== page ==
Mike is that rare teacher. He listens closely, has an easy laugh and a good sense of humor, which he switches into a deliberate, slow intensity when he is instructing.
Cruisers develop a comfort zone
Mike loves to sail, and he loves to get you to fall in love with it. The students surrounding me had plenty of stories to back that up, and Mike himself, though not what I’d call a purist, never gave up the point of sailing in any and every wind. Motors were for docking in marinas and chasing wind. Sails were for forward movement. I watched him patiently trim a sail in a 3-knot breeze in order to get us out of the way of a bulk carrier that was bearing down on us. I would have keyed on the diesel immediately. That’s not Mike’s way.
That’s part of why I take these courses. We cruisers develop a comfort zone. We know what we can and can’t do, and we tend to sail that way. Experience and instruction stretches you, and gives you the understanding and knowledge to do more than you already are. If that extends your cruising, and gives you and your crew better experiences in more locations, there’s every reason to invest in it.
Our first afternoon, as we motored out of Port Angeles in one knot of uncertain wind, Mike glanced up at the boat’s wavering wind indicator and sighed: “Let’s just get out there,” he said. So we did our engine check and fired up the diesel, as night fell and we got used to our watch schedule.
Out in blue water with the motor finally silent, the six-foot swells pushed and pulled our boat on and off its tack and the boom swung in 2.5 knots of wind. Mike demonstrated that we were still catching some wind and making headway. Offshore, fuel is precious. You don’t fire up the diesel because you’re not moving fast enough. But more importantly, you came to sail: do that.
Three days later, we were back in the Strait at night, a bit early because the weather guessers had forecast 15 to 25 knots of westerly there. My watch was on and I was at the helm, which became heavy as the wind built to 14 and then 17 knots. Given the forecast, John woke Mike to come topside and teach us how to reef his boat. The equipping teacher came up into the cockpit, meted out the assignments, talked them through, made us repeat the instructions we had just received, and then watched us do it.
Reef secure and everyone safely back in cockpit, Mike then talked through what we had just done, and then, satisfied with what he had seen and heard, went back below to sleep. Classic equipping teacher strategy.
The next day, again on our watch, the wind died. With traffic bearing down on us, we had to shake out the reef, or start the dreaded diesel engine.
Mike came back up, called his watch up to witness the routine in reverse, and then began to talk about how we would reef and shake out in a ketch (“I honestly don’t see the point of that little scrap of a mizzen on a yawl, unless it’s to keep you straight at anchor”), and went through how it would work on my own in-mast furling sloop.
All through the four days, Mike kept in mind what boats we regularly sailed or aspired to sail, and routinely transferred whatever lesson was at hand to our own situation, often quizzing us before he taught: “Stuart, how would you do this on your boat?”
John Mulligan (r), watch commander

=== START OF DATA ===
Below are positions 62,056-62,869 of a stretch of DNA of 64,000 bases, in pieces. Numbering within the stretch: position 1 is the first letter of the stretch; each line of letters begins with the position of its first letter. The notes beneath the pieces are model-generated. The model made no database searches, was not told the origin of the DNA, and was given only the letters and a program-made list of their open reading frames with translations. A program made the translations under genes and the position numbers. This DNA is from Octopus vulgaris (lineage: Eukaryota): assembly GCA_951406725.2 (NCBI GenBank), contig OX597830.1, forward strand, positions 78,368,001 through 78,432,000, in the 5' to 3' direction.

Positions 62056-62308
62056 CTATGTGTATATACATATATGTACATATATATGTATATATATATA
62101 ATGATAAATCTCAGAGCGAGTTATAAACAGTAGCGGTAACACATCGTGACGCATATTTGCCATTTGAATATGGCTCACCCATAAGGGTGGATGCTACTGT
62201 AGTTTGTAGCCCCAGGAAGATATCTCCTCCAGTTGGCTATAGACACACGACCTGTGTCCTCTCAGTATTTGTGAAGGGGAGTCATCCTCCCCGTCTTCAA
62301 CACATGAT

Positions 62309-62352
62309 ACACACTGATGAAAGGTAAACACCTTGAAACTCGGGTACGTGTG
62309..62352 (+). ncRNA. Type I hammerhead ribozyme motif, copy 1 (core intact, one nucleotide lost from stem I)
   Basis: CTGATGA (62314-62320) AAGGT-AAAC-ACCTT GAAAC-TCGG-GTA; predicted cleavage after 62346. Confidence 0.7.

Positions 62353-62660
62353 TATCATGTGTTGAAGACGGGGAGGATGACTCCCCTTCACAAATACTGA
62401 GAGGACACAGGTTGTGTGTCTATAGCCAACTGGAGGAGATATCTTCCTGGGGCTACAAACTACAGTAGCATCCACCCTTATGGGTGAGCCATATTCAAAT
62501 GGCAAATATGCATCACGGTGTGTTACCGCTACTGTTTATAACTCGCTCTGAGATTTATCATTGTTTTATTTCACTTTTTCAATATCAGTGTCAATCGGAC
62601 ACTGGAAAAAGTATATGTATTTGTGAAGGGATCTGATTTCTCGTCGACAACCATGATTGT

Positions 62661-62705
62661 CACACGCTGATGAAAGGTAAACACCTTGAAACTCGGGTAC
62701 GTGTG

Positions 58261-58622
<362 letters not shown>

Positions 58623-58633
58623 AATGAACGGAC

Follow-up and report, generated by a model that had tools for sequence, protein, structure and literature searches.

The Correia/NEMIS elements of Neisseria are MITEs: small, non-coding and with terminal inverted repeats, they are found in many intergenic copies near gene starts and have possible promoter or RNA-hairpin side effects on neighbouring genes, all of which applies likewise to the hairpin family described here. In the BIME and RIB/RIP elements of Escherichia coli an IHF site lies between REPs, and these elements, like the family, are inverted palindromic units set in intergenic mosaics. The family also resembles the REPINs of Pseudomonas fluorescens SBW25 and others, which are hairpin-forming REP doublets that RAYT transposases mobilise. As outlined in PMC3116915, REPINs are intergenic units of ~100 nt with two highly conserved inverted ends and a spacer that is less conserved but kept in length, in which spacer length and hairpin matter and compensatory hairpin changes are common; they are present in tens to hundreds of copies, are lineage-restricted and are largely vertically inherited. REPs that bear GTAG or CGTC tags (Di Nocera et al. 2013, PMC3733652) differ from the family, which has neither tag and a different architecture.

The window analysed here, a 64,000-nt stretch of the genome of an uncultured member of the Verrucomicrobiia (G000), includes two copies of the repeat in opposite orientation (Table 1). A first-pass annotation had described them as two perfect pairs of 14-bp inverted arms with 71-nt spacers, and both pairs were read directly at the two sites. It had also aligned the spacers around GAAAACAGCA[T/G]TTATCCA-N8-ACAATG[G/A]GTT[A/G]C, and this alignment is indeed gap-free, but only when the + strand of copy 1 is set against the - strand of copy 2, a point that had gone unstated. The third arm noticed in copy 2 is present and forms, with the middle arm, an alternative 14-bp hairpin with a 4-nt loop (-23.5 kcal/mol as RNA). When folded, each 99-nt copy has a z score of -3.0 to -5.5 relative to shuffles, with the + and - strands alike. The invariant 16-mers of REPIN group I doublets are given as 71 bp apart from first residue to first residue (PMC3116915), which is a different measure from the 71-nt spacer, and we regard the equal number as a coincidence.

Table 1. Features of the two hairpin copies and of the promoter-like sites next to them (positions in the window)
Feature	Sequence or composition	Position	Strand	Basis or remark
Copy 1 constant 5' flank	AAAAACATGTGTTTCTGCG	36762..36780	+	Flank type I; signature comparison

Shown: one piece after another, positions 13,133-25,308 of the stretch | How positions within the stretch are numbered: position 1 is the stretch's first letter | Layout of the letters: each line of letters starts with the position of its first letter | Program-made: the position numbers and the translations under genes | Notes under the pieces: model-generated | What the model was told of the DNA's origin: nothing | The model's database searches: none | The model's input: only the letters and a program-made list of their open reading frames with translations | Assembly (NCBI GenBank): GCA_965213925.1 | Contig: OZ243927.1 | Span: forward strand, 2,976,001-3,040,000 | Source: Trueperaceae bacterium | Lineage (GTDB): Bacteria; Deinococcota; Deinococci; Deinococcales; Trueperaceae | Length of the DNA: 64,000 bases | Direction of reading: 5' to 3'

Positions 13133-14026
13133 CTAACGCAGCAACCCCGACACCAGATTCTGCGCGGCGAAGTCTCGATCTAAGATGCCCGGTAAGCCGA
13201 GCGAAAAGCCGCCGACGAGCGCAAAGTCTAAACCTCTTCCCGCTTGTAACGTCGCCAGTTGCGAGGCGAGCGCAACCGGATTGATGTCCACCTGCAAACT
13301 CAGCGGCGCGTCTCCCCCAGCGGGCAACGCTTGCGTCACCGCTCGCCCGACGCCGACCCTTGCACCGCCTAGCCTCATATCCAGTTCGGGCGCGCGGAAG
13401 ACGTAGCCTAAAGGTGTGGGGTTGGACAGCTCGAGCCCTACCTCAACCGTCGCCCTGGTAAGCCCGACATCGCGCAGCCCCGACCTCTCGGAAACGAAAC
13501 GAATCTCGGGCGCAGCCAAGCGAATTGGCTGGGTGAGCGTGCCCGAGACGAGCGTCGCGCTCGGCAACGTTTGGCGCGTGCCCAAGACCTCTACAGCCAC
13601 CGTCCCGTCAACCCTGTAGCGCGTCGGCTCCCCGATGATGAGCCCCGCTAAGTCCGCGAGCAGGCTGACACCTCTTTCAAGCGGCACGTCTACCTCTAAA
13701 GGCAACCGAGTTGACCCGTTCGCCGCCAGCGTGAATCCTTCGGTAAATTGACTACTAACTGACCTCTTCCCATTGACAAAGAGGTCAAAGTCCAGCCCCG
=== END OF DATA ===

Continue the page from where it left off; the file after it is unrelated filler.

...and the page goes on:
John was equally careful in his instruction. During lulls in the action, he would bring up a topic (“What’s in your ditch bag?”) or lead an informed discussion on onboard medication. In an attempt to use a new charting tool while we were navigating the sea lanes, I got a position and heading wrong. John just quietly pointed out the discrepancy between my chart and our surroundings and sent me back below to correct it.
Both Mike and John had those Old Salt traits: Quiet confidence, strict seamanship procedures and a positive attitude. On our second 0200-0600 watch, John mentioned that watch-keeping made for some petty peevishness: “It takes about two days into the passage,” he said quietly, “before the little things — what’s being done with the food, how the other watch comes on or goes off watch — threaten to drive you a little crazy. If you don’t deal with it, resentments build and it makes for an unhealthy crew.”
That’s when some of our opposite numbers started coming on watch late
At first, it was only ten minutes. But John was right — ten minutes in cold rain at 0000 hours feels like thirty. And thirty minutes feels like an hour.
John used it as an opportunity to build our watch morale: by the fourth day, we were whiling away the final hour of our watch by making and taking gentlemen’s bets on the actual time of final watch transfer and the quality and specific components of the breakfast that would be waiting for us.
At 25 minutes past scheduled watch change, we had decided that they would leave us a box of dry cereal on the galley table and let us forage for the milk. John actually joined in on the exercise, which only increased our morale. The annoyance had been diffused into joking. Mike, who was busy rousing his crew, must have overheard.
As it became clear that his watch (and our breakfast) was going to be at least 30 minutes late, his goodnatured face appeared in the companionway. “Good morning, guys. The good news is, we’re up and we’ve already got your breakfast right here,” he said, as he slid a jumbo box of Oreos into the cockpit. “We’re workin’ on the coffee right now,” he chortled, as he went back below.
Later on that final day, I got an opportunity to tell Mike how much I appreciated his style of instruction, and the whole course. “That’s great”, he replied, “Hey, I’m doing the Swiftsure race next year, maybe you’d like to join us?”
I can get a crewing experience with any number of yachts in that race, without having to pay for the privilege. Only one of them will have Mike aboard as skipper/instructor.
I’m already signed up.